Leading is tough…

On January 2nd a well fed version of me plopped down at my desk full of good intentions. And before I got to answering emails and walking about wishing people New Year I took some time out to think about accountability, collaboration and trust.

Before Christmas I’d queried someone’s decison on something and I wasn’t really content with their response. It just wasn’t the one I’d want them to make… That happens a lot, but I guess I it was one of the last things I did before shutting down. Before Christmas. It wasn’t a big decison, but it’s one where I can’t see something working out… And if I’d gone back and queried again that would have sent a clear messages. As it was they probably didn’t even notice.

So here is what I’ve been thinking

i) I get paid more than most people in the organisation – and that pay should be commensurate with me taking more accountability. If something goes wrong in my area I expect to be held accountable.

ii) But I want the people in my area to feel trusted and backed to make decisions

iii) But sometimes I can see problems coming down the line and in fact, I’m more experienced that most in spotting that (as I’ve made more mistakes than most), which is part of the reason why I get paid more than most.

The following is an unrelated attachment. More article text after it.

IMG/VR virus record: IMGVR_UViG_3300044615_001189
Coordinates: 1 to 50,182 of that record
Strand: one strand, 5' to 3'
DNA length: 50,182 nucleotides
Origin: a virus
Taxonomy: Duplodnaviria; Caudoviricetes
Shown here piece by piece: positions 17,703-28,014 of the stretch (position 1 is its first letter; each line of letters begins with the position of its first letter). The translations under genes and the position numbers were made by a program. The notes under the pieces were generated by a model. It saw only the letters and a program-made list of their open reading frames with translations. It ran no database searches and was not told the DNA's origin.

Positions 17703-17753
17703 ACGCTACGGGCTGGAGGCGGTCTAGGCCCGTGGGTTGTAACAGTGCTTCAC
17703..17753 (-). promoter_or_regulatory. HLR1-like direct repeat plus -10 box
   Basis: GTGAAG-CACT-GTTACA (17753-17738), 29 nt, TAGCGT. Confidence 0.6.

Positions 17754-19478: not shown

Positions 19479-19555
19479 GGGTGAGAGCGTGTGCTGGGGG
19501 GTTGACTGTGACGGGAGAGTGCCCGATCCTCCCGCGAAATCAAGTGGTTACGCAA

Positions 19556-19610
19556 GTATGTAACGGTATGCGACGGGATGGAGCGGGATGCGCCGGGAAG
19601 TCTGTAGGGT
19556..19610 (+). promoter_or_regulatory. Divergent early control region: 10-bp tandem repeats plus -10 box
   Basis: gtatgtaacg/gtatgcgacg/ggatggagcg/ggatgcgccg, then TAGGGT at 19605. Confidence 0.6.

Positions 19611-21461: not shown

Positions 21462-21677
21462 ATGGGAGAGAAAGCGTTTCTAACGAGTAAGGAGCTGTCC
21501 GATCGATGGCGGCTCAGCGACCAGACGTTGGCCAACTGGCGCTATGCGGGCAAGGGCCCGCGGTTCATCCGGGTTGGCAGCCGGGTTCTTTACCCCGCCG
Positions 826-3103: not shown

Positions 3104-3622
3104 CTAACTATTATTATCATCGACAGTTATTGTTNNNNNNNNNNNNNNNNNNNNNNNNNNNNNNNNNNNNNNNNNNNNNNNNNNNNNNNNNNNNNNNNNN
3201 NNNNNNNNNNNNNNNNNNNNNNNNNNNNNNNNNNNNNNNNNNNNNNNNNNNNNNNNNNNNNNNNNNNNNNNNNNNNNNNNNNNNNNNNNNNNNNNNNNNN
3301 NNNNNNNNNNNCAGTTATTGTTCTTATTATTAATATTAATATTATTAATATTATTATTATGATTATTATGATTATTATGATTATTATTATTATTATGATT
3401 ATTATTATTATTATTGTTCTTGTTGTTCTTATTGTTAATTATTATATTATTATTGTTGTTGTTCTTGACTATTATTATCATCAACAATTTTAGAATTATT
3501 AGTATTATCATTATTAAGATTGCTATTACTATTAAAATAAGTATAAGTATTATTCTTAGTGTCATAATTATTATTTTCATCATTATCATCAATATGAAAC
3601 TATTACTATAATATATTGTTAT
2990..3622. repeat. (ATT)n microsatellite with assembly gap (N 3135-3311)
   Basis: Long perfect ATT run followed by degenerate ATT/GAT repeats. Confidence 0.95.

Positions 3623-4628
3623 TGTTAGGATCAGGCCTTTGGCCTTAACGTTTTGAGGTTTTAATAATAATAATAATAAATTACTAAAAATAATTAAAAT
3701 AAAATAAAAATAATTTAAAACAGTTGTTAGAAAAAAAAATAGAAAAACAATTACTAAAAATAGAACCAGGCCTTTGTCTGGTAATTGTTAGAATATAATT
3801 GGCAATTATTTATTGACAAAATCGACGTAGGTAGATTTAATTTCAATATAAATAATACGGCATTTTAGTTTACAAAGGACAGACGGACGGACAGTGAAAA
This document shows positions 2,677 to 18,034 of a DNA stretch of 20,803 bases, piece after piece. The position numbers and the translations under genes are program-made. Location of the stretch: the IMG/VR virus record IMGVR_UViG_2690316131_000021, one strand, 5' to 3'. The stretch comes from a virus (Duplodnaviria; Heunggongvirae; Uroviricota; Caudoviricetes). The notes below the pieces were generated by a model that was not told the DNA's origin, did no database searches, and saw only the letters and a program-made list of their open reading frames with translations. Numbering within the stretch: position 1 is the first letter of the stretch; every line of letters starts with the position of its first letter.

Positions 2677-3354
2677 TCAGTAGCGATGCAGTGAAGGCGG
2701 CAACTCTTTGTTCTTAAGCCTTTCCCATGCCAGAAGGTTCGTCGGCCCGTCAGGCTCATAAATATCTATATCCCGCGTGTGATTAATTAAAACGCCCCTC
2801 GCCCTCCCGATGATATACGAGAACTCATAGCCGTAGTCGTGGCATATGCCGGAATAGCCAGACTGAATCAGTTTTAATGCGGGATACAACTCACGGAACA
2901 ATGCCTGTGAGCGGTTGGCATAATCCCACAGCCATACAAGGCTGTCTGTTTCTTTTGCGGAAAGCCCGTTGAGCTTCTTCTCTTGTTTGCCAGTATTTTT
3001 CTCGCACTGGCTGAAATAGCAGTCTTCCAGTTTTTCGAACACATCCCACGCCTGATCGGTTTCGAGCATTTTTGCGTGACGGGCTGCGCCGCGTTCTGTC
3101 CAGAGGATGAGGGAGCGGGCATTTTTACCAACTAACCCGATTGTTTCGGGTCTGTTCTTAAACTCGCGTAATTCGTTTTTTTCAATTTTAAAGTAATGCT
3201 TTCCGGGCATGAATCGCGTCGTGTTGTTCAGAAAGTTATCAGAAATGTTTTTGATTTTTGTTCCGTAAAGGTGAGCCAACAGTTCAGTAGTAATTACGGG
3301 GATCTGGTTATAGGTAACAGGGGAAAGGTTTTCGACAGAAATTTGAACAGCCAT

iv) I’m also accountable for setting standards for my area – which can arguably conflict with ii)

So I’m sitting here waiting for things to progress and either me to be proved wrong (it happens) or to see how the person reacts if I turn out to be right. What I’m not doing is using a hierarchy to ensure what I think should happen happens. But maybe I should because I’m still accountable.

So I’m probably in this instance accountable for allowing some risk to help ensure continuity of trust. And then I have to ask if that’s the right thing to do for the people the organisation serves.

I guess I’m writing this because it’s about such a tiny, tiny thing. But most days are made up of similar choices but over much bigger things.

  • How much are things decided by a group vs me being paid to apply my judgement?
  • What do I let go vs what do I make a clear statement on?
  • What do I find time for vs how do I protect time to think?
  • How much is too much oversight vs how much of not having oversight is negligence